My my My my

 - Mason Grad - Rachel Weber (UD) 

Rachel Weber graduated from Mason High School in June 2008. She had a successful track career highlighted by a school record 56.33 seconds in the 400M, resulting in an  individual district championship her senior year.
She decided to further her athletic and academic careers at the University of Dayton. She is a Business-Marketing major and is on schedule to graduate in May of 2012. In addition to her track obligations, she works part time as an intramural official for the university.
During her three years at Dayton, the program has experienced unparalleled success in the Atlantic 10 Conference (A-10). Rachel has enjoyed individual success as well while running primarily in the Open  400M sprint and the 400M relay. In her freshman year, running in the Pepsi Relays at the University of Florida, her 4x400M relay team set the school record in a time of 3:48.20. That same year, she finished 6th in the Open 400M at the A10 Conference Outdoor Championship. In her sophomore season, she finished 8th in the Open 400M conference indoor championship.  In addition, she was a member of the 4x400M relay teams that finished 8th in the 2010 indoor conference meet and 6th in the outdoor championship….the 4x400M relay race is the last race of the meet and in both cases, their finish helped to secure Dayton’s 1st and 2nd place finishes respectively.

We asked Rachel a few questions and here are her responses:

How does running in college differ from High School?
Running in college is more individual than running in high school. Practice times are scheduled around class times, so I usually only practice with 2 or 3 other girls that run the 400. College track is a lot more competitive also. Everyone you run against has earned their spot on that university's team, and they want it just as bad as you do.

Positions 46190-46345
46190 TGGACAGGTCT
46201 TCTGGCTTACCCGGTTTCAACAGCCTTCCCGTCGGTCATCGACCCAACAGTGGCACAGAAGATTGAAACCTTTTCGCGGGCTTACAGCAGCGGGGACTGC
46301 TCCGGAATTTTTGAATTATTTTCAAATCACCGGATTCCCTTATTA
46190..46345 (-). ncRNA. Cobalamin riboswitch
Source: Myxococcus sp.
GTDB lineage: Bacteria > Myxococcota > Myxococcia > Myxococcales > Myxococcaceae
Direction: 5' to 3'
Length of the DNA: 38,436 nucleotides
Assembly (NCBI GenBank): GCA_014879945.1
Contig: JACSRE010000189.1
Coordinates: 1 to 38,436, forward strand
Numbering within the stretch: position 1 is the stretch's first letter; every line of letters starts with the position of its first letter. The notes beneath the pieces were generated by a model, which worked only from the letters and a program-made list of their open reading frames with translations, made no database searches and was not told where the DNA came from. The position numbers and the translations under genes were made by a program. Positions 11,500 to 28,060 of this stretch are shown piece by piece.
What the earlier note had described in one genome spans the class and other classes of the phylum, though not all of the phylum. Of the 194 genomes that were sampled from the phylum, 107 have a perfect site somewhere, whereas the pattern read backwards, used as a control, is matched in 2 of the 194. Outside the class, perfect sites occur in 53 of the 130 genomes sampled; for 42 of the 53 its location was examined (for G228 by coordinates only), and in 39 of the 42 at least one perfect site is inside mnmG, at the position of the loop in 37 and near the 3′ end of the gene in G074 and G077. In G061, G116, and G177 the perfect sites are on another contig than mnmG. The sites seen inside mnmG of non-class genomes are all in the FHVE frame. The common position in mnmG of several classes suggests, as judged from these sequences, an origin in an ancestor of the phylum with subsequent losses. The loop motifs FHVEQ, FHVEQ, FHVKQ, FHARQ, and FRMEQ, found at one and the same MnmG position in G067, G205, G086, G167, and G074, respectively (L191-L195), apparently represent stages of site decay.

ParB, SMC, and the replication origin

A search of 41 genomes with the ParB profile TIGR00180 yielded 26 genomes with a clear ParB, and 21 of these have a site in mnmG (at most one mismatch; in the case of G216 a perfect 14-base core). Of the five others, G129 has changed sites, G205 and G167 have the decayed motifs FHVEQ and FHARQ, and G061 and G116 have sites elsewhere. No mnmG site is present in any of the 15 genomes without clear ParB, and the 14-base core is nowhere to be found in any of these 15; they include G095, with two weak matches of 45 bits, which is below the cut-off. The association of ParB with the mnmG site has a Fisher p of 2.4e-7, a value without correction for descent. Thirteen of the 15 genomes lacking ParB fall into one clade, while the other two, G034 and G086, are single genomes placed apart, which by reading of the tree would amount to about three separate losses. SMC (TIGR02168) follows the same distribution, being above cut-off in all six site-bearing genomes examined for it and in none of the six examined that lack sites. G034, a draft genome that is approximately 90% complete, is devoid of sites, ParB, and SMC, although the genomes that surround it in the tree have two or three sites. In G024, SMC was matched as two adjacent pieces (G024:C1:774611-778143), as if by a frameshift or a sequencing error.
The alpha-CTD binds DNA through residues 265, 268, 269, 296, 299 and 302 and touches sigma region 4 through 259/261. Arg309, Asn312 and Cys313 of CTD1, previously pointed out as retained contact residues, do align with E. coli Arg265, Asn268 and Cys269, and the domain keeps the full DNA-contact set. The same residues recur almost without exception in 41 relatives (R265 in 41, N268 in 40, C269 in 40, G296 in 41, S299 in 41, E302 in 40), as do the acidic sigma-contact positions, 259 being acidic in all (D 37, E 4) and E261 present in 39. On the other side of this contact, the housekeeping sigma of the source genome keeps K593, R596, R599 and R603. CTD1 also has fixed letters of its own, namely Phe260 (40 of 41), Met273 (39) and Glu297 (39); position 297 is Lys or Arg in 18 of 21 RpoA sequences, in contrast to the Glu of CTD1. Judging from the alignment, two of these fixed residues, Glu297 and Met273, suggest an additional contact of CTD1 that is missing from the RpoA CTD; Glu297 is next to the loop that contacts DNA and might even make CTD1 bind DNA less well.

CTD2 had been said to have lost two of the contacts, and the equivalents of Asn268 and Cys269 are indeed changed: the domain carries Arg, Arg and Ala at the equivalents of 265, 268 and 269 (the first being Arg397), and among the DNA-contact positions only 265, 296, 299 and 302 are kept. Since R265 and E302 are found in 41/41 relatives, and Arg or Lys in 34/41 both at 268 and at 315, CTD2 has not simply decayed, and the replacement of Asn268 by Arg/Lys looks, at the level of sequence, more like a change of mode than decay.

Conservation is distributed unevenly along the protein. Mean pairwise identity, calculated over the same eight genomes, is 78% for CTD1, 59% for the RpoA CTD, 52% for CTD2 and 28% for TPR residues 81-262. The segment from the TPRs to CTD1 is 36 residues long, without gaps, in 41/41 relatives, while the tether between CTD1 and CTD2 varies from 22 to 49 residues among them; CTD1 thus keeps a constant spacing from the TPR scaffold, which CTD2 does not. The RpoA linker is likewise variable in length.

What have you enjoyed the most about your new team/coach?
I have enjoyed becoming a team with girls from very different high schools. I think it's fun to see how we ran track in high school and how we fit together now 

What moment are you most proud of with your new team?
When we tied for first with Charlotte at indoor A 10s in 2010. This was the first time they didn't solely win the title and I was so proud we were the ones to tie them. Because it came down to how many points my 4x400 scored, other teams were coming up to us and wishing us luck, hoping anyone would beat Charlotte!

What advice could you give the Mason HS runners that are interested in running/competing in college?
Love the sport or else you will burn out quickly. Mason's track program is great for preparing you for college track, but make sure it is absolutely what you love. I knew I loved it when I couldn't picture what I would do without it. 

Can you tell me about a special memory from your HS running days?
I could talk about a thousand memories from HS track! But I always loved being at practice, I looked forward to it everyday. I liked how everyone in each event warmed up together and was on the track at the same time. It got crowded every now and then, but we were always able to cheer each other on during workouts. I loved my Mason track team and how great we got along!

Chris Rapp finishes Collegiate running career with a PB at NCAA regionals

Chipping in to help the University of Tennessee achieve its best NCAA region finish since  2006 was senior Chris Rapp.  Rapp was a 2006 graduate of Mason High School.  Chris ran a career best 31:31.14 over the 10k course and was the Big Orange's third scorer in the 147 runner field.